I could hear her talking to me, but it felt like she speaking from a long way away as I stood there holding him and feeling him cling to me and purr in my ear.  I knew what I had to do. I knew I had to be as strong as I could for both of us.


Emma the vet was wonderful, she sat me down, still holding Morris and gently explained how she would put him to sleep. I held him and stroked his beautiful soft fluffy head and talked to him softly, while the vet put the injection into his paw and he slowly slipped away, still purring.

My heart felt like it was breaking.   I continued to hold him and cried my heart out while Emma talked to me and checked him for another few minutes until she was sure he had gone.


I rang Andy who came home to meet me and I took Morris up to his little room for the last time, while Andy prepared the garden for his burial. I wrapped him in his favourite blanket and we buried him at the spot where he used to wait for his food in the garden. I put all his balls and toys in with him. I was absolutely inconsolable.

How I miss him! It’s been 5 days now and this is the first day when I have felt anything like strong enough to write. As I write,  I’m crying again.

Should I have had him put to sleep? Did I do it too soon? These questions would haunt me for the next few days, but Emma’s words also turned over in my mind about how much the mass had grown in the last two weeks alone and how she wasn’t sure that she could manage his pain going forward.

We didn’t have Morris very long, but what an amazing little character he was!  This dear little stray, who had finally accepted his new home with us and had even started to come to love us. He never bit or scratched once and all he wanted was our love and attention. I just wish so much I could have given him longer. He was a beautiful soul and I shall never forget him. ❤️



54 replies »

  1. Aww poor baby. But what love he shown and he knew he was loved back. Those moments will be precious for all.
    You were patient and you loved and cared for him to the end.
    Cancer is a horrible thing and no doubt he was in pain. Probably more than he shown. My last cat died of cancer which was through out her body. But I have precious times, right to the end.
    I’m glad you got a close encounter to him, to see tje other side of him.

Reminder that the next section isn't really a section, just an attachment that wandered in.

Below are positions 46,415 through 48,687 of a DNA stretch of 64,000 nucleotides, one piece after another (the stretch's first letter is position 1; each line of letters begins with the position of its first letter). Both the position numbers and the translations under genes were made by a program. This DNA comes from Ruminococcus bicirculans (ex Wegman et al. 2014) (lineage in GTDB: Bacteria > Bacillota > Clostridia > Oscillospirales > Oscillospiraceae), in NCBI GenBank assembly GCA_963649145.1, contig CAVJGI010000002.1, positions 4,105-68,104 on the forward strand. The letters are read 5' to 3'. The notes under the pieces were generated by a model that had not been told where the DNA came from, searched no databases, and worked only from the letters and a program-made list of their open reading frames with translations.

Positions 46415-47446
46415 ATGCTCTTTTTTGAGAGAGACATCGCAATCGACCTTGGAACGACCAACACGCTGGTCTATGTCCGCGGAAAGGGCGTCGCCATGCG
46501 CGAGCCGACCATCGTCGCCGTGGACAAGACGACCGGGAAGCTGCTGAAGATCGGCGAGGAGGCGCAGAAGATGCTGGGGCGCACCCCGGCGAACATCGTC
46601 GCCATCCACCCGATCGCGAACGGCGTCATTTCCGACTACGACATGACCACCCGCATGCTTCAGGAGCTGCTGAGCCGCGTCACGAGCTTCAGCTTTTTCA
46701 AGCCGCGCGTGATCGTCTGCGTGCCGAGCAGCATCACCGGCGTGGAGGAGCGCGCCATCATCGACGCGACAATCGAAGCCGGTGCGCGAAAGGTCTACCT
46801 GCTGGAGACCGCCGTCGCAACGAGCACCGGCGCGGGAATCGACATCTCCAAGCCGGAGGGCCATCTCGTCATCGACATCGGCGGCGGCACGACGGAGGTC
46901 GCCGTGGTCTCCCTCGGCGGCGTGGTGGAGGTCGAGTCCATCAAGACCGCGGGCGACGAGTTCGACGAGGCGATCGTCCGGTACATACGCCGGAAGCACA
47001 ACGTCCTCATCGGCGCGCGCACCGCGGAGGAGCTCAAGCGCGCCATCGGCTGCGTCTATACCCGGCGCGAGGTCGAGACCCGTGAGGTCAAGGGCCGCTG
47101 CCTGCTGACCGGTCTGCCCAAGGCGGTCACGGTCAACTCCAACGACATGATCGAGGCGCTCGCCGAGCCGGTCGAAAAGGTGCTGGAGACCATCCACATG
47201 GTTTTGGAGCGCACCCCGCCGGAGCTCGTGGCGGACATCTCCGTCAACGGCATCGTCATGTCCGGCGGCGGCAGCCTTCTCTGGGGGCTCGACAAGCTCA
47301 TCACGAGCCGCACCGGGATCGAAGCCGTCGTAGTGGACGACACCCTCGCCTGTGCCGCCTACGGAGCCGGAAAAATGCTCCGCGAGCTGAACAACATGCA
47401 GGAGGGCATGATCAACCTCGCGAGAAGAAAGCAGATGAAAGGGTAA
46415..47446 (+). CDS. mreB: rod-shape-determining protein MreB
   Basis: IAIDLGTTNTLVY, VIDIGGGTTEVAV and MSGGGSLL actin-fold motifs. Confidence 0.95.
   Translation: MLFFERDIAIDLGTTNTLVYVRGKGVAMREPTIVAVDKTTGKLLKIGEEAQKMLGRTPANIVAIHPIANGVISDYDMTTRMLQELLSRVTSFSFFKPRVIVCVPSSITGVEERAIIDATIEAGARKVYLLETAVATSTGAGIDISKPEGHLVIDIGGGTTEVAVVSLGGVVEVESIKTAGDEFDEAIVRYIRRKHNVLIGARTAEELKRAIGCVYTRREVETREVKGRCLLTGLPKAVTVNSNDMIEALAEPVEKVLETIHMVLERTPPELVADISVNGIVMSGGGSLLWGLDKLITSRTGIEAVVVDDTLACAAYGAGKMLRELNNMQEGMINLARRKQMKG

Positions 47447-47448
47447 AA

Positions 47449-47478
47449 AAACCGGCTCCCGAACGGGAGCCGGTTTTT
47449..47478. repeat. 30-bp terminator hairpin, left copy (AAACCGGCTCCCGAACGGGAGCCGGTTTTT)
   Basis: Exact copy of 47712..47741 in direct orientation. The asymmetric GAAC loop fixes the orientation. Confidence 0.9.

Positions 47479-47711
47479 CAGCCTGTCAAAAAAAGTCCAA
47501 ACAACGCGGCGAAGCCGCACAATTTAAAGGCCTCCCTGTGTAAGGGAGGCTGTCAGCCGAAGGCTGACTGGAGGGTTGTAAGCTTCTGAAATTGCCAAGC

Hugs to you. Xx

    • Thank you so much. It hurts so much still but I keep trying to remind myself I did the right thing. ❤️

  2. Oh no, really sorry to hear this. A year ago our beloved family dog passed on, so that’s caused much grief. Animals really are wonderful beings. I hope you can take solace in the special memories.

  3. I’m so sorry, that is quite heartbreaking. I am so pleased you were able to give him love and comfort towards the end of his life and I hope that you are soon able to come to terms with your sad loss. x

  4. That is so sad. I am very sorry. I do know a little of how you feel. We had something similar happen with a cat named Casper. If you search for “Casper” on my blog you can find the story.

  5. So sorry to read this sad and painful news about such a lovely cat. Hope you can find some comfort in the beautiful memories of Morris.

  6. You did the right thing. We do not have to let our pets and animals reach a point when they are suffering and in pain. We can give them the gift of goodbye. It is so sad but it is the best thing to do.

  7. I’m so sorry to read this. I had to make a similar decision with my golden retriever girl, and even when you know you’re doing the right thing, it can be the hardest thing you ever have to do. I’m sorry you didn’t have long together, but you made those last days happy ones, and prevented his suffering. I’m sure he was grateful for that.

  8. We have thirteen rescues and all have major problems from ibs to Calici virus we have one which is 22 yrs old but acts like a 2 yr old we love them all but know their time is limited .we dread the days that are coming when we start losing them but I know they will only go when I’ve exhausted all options as long as they are not suffering we recently had one with pneumonia it was close but he survived when it comes to cancer it’s no other choice you haven’t an option with a human and I watched my mum suffer.i will not let any of my animals suffer like that and I have that choice you love them you have to help them he could have suffered outside without know any compassion. So thank you for your kindness to him and giving him the love and care during his final days well done doing a tough job this is probably why he came to you and I know how much that hurts.👏